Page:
The best repository for all aspects of LF photography and links is Q-Tuan Luong's LF Home Page . The stuff below is just where I keep notes for quick personal reference. Test before using any of this on imortant things.
3 ,4,5, 6 ,8,10, 12 ,16,20, 25 ,32,40, 50 ,64,80, 100 ,125,160, 200 ,250,320,
1, 1.4, 2, 2.8, 4, 5.6, 8, 11, 16, 22, 32, 45, 64, 90, 128, 180, 250, 360, 500, 720, 1000
1, 1.2, 1.4, 1.7, 2, 2.4, 2.8, 3.4, 4, 4.8, 5.6, 6.7, 8, 9.5, 11, 13.5, 16, 19, 22, 27, 32, 38, 45, 54, 64
1, 1.1, 1.3, 1.4, 1.6, 1.8, 2, 2.2, 2.5, 2.8, 3.2, 3.6, 4, 4.5, 5, 5.6, 6.4, 7.1, 8, 9, 10, 11, 13, 14, 16, 18, 20, 22, 25, 29, 32, 36, 40, 45, 51, 57, 64
To extend any of the scales above just double the figure two full stops below the unknown stop. So, to get the next third stop above f/64 you would double the number two full stops below that, 36, to get 72. You may need to round to get a convenient figure.
To find the approximate bellows draw u needed by a lens of focal length f on a camera with a maximum bellows draw of v :
Notice that if f = v , the minimum subject distance will be at infinity.
Data is form the Kodak data sheet for the film specified.
Kodak codes are in their publication F3:
Ilford doesn't seem to publish a separate document with this info. Look here for those and Fuji's (Kodak's are also here): http://en.wikipedia.org/wiki/Notch_code
This was compiled from several sources and shoved together. I carry a copy in my camera bag for quick ref. I have not tested every combination, so you should take the times as starting points and refine to meet your own needs. This is especially true of the Type 55 values—I got those from eyeballing the little graph in the data sheet, so beware! I use the Tri-X values with most non-T-grain films.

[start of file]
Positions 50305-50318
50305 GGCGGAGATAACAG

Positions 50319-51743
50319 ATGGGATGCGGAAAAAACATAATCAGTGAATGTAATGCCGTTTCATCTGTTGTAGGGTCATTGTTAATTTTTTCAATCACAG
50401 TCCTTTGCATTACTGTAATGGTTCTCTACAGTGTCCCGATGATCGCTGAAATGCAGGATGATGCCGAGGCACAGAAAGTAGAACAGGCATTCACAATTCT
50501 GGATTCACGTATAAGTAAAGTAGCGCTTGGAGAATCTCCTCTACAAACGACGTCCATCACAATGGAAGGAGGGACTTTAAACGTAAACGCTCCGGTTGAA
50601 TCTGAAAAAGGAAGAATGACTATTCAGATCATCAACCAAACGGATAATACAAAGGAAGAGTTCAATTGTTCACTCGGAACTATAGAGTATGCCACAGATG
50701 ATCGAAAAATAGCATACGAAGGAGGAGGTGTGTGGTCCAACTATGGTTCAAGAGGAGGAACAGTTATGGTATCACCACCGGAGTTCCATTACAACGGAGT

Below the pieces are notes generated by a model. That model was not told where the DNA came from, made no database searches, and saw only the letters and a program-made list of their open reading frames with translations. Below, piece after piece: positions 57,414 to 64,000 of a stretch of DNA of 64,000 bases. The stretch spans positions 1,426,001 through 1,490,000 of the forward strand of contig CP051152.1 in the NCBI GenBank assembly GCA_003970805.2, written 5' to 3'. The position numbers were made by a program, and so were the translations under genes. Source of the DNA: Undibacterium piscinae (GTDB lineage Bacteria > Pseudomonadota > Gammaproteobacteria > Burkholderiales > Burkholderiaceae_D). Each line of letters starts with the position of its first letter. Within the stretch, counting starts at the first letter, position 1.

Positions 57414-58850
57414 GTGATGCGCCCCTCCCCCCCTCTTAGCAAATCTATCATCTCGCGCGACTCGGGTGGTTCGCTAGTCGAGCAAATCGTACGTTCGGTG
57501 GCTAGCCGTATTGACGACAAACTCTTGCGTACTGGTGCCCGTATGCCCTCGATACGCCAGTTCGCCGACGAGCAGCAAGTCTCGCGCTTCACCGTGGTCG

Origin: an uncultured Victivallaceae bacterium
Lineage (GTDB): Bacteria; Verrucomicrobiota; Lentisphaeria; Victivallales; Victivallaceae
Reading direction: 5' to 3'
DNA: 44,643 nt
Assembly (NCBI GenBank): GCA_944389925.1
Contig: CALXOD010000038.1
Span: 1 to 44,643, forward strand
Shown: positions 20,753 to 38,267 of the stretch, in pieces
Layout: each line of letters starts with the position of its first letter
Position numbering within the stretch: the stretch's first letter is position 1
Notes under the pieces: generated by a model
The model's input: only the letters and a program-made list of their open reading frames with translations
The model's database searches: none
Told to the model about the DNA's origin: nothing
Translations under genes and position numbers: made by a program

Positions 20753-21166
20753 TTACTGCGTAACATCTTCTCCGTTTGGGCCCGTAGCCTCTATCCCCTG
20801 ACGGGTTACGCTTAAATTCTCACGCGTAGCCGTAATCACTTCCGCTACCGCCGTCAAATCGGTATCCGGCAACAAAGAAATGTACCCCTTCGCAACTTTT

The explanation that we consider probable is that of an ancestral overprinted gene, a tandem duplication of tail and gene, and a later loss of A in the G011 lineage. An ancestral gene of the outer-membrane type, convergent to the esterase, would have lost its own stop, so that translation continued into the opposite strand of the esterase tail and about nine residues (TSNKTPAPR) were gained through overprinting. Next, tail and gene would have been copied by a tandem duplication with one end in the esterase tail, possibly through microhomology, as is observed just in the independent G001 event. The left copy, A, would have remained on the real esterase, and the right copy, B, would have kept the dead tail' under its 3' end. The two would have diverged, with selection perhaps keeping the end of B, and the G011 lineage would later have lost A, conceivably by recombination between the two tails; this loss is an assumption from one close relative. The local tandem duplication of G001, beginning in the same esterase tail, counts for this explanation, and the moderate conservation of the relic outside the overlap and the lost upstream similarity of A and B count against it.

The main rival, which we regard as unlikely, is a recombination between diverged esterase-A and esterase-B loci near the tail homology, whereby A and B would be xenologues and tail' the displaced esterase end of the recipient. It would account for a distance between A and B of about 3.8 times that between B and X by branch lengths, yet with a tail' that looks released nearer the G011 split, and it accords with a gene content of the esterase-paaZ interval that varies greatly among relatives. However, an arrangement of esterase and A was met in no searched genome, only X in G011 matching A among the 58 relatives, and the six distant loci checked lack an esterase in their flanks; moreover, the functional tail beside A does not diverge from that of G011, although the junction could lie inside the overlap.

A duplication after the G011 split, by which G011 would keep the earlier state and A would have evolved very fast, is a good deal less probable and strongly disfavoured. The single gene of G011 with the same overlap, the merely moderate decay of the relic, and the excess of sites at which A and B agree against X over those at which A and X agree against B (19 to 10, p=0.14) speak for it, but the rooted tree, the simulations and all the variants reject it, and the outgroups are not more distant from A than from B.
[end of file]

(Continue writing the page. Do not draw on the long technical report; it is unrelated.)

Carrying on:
TMX = T-Max 100, TMY = Tmax 400 (original), 55 = Polaroid Type 55, TXP = Tri-X
See http://www.seeinglight.com/reciprocity.shtml for more on reciprocity.
TF-2 Alkaline Sodium Thiosulfate Fixer
TF-2 is my standard fixer. I found the amonia odor of Photographers Formulary's TF-4 to be too irritating (read smelly) for use in open trays. I only use TF-2 for paper--I still use TF-4 for films in my Jobo.
TF-2 is an odorless (really!), non-hardening alkaline fixer. Pretty much the same formula as F-6 (see below), except for the omission of acetic acid and alum hardener. Disolve each ingredient in the order given. For prints I use the split bath method: 5 minutes in bath #1, 5 min in bath #2. When bath #1 approaches exhaustion, I toss it and move bath #2 to the #1 position and use a fresh batch for bath #2 and procede with fixing more prints. Capacity is 20 8x10 prints per liter.
Advantages of alkaline fixers:
One disadvantage is that there are no compatible hardeners except using risky chemicals.
Anchell's Darkroom Cookbook, 2nd ed. pg 215.
F-6 Odorless Acid Hardening Fixer (Sexton version)
This is the usual F-6 oderless fixer formula with ¼ the amount of hardener (potassium alum), as John Sexton uses it.
Mix ingredients in the order listed above. Make sure Sodium Sulfite is completely disolved before adding the Acetic Acid! Otherwise a precipitate will form and render your solution completely useless. Disolve the potasium alum in a small quantity of hot water before adding to the solution as the last ingredient to prevent sulfurization (per Anchell in Darkroom Cookbook).
Glacial acetic acid may be diluted to a 28% solution by mixing 3 parts of Glacial acetic acid with 8 parts of water. Always pour acid into water, never the reverse.
Use as a second fixing bath after the F6 bath before toning prints.
Polaroid's manual for Type 55 says to dissolve 1 lb. of Sodium Sulfite in 2 liters of water. That's just to make it easy for most people to remember, but that's more like a 22% solution and is a waste of good Na2SO3. If you notice that 180 divided into 1000 is 18% of the total volume, it's pretty easy to remember this way. The following was taken from Ansel Adam's book on Polaroid films.
20 8x10 = 10 11x14 = 5 16x20 = 3 1/3 20x24
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